Pope Francis speaks at Independence Hall, September 2015
La Civilta Cattolica, a periodical published by Italian Jesuits and vetted by the Vatican, recently published an article titled “Evangelical Fundamentalism and Catholic Integralism in the USA: A Suprising Ecumenism.”
The piece was written by Antonio Spadaro S.J., the editor of the publication, and Marcelo Figueroa, a Presbyterian pastor and journalist in Argentina. It offers a stinging critique of the Trump administration and its ties to Christian nationalism.
The first paragraph says it all:
In God We Trust. This phrase is printed on the banknotes of the United States of America and is the current national motto. It appeared for the first time on a coin in 1864 but did not become official until Congress passed a motion in 1956. A motto is important for a nation whose foundation was rooted in religious motivations. For many it is a simple declaration of faith. For others, it is the synthesis of a problematic fusion between religion and state, faith and politics, religious values and economy.
Another interesting aspect is the relationship with creation of these religious groups that are composed mainly of whites from the deep American South. There is a sort of “anesthetic” with regard to ecological disasters and problems generated by climate change. They profess “dominionism” and consider ecologists as people who are against the Christian faith. They place their own roots in a literalist understanding of the creation narratives of the book of Genesis that put humanity in a position of “dominion” over creation, while creation remains subject to human will in biblical submission.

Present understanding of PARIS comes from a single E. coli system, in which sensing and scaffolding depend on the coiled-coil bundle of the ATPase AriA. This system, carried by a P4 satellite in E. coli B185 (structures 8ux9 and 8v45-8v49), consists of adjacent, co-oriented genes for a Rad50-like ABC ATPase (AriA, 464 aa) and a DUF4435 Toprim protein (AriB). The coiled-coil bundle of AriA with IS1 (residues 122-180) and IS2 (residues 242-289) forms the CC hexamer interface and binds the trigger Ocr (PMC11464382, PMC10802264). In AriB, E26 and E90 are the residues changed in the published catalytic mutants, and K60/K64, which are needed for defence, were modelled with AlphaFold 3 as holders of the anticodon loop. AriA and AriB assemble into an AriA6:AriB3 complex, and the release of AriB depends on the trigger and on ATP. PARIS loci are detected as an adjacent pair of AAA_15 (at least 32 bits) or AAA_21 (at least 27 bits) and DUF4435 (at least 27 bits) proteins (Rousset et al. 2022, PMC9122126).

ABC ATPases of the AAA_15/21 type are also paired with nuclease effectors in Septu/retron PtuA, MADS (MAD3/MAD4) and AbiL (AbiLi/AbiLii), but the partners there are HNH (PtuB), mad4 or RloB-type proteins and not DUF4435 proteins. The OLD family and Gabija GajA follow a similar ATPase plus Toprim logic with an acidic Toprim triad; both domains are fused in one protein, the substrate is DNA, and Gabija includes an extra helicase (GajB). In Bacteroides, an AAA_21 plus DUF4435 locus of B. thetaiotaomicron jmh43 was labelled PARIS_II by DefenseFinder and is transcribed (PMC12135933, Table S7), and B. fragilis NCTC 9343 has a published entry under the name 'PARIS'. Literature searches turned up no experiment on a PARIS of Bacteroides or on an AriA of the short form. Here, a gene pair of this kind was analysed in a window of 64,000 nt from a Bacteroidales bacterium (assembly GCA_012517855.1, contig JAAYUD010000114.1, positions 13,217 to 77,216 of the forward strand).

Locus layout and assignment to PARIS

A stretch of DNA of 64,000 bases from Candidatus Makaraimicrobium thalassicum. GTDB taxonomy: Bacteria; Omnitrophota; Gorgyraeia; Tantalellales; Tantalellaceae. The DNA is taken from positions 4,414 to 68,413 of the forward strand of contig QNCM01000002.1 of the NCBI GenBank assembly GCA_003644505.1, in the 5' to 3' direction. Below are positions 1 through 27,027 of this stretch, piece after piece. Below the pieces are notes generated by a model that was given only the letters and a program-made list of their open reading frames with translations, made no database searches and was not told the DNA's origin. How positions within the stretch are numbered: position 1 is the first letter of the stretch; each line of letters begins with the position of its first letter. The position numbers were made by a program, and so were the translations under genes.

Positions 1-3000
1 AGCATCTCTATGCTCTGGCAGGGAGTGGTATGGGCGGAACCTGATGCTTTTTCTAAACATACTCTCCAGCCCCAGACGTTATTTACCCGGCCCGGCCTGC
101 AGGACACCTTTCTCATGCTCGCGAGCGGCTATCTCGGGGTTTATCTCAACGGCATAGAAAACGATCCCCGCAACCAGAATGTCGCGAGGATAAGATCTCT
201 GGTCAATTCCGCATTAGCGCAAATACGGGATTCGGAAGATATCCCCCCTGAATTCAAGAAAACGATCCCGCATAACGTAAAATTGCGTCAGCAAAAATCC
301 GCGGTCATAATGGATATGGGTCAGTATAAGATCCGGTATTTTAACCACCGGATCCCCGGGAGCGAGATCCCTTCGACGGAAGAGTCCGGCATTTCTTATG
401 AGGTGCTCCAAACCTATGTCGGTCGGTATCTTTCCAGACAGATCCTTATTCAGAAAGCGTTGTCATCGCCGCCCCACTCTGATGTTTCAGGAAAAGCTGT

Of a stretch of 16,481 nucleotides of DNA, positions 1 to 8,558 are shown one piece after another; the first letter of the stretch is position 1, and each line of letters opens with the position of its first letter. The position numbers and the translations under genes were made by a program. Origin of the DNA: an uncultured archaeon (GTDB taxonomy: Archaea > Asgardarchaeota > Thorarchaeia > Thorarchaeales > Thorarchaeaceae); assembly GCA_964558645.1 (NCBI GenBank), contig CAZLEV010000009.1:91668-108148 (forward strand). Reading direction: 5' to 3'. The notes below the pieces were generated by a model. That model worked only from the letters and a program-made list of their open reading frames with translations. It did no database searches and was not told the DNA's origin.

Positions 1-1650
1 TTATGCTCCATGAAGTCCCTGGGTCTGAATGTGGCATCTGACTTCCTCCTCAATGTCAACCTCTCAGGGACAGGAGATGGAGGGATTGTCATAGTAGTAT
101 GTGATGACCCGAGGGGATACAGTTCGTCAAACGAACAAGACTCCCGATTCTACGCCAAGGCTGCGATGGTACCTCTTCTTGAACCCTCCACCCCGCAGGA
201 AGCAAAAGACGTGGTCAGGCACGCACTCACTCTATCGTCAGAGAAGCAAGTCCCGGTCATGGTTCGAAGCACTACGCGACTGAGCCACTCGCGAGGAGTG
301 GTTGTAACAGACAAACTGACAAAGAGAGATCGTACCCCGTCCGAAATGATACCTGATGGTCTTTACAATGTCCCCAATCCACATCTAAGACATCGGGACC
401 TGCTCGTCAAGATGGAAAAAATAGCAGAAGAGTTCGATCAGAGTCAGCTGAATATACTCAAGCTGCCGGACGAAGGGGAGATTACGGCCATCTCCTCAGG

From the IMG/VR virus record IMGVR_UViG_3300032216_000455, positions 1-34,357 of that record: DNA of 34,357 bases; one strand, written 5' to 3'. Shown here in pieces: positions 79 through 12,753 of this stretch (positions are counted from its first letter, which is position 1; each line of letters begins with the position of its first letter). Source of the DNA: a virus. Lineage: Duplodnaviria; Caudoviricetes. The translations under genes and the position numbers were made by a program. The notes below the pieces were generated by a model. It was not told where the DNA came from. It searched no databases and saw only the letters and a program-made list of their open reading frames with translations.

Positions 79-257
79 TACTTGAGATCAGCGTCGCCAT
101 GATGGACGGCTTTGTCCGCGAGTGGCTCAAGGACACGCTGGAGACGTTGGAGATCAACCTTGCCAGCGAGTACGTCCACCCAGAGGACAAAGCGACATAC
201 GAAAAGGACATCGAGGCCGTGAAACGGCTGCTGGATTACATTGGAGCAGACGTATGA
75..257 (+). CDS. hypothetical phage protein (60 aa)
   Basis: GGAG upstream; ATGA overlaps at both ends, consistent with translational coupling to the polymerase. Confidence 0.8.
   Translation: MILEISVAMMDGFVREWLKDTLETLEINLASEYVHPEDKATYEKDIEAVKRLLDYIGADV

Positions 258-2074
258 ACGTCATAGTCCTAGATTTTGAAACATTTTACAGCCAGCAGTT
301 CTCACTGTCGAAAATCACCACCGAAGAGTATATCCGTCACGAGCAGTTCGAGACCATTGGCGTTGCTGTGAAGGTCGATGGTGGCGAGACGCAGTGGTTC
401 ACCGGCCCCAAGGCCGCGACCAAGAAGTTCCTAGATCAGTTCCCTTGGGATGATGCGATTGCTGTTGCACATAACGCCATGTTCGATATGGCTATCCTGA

In this theological vision, natural disasters, dramatic climate change and the global ecological crisis are not only not perceived as an alarm that should lead them to reconsider their dogmas, but they are seen as the complete opposite: signs that confirm their non-allegorical understanding of the final figures of the Book of Revelation and their apocalyptic hope in a “new heaven and a new earth.”
Theirs is a prophetic formula: fight the threats to American Christian values and prepare for the imminent justice of an Armageddon, a final showdown between Good and Evil, between God and Satan. In this sense, every process (be it of peace, dialogue, etc.) collapses before the needs of the end, the final battle against the enemy. And the community of believers (faith) becomes a community of combatants (fight). Such a unidirectional reading of the biblical texts can anesthetize consciences or actively support the most atrocious and dramatic portrayals of a world that is living beyond the frontiers of its own “promised land.”
Pastor Rousas John Rushdoony (1916-2001) is the father of so-called “Christian reconstructionism” (or “dominionist theology”) that had a great influence on the theopolitical vision of Christian fundamentalism. This is the doctrine that feeds political organizations and networks such as the Council for National Policy and the thoughts of their exponents such as Steve Bannon, currently chief strategist at the White House and supporter of an apocalyptic geopolitics.
“The first thing we have to do is give a voice to our Churches,” some say. The real meaning of this type of expression is the desire for some influence in the political and parliamentary sphere and in the juridical and educational areas so that public norms can be subjected to religious morals.
Rushdoony’s doctrine maintains a theocratic necessity: submit the state to the Bible with a logic that is no different from the one that inspires Islamic fundamentalism. At heart, the narrative of terror shapes the world-views of jihadists and the new crusaders and is imbibed from wells that are not too far apart. We must not forget that the theopolitics spread by Isis is based on the same cult of an apocalypse that needs to be brought about as soon as possible. So, it is not just accidental that George W. Bush was seen as a “great crusader” by Osama bin Laden.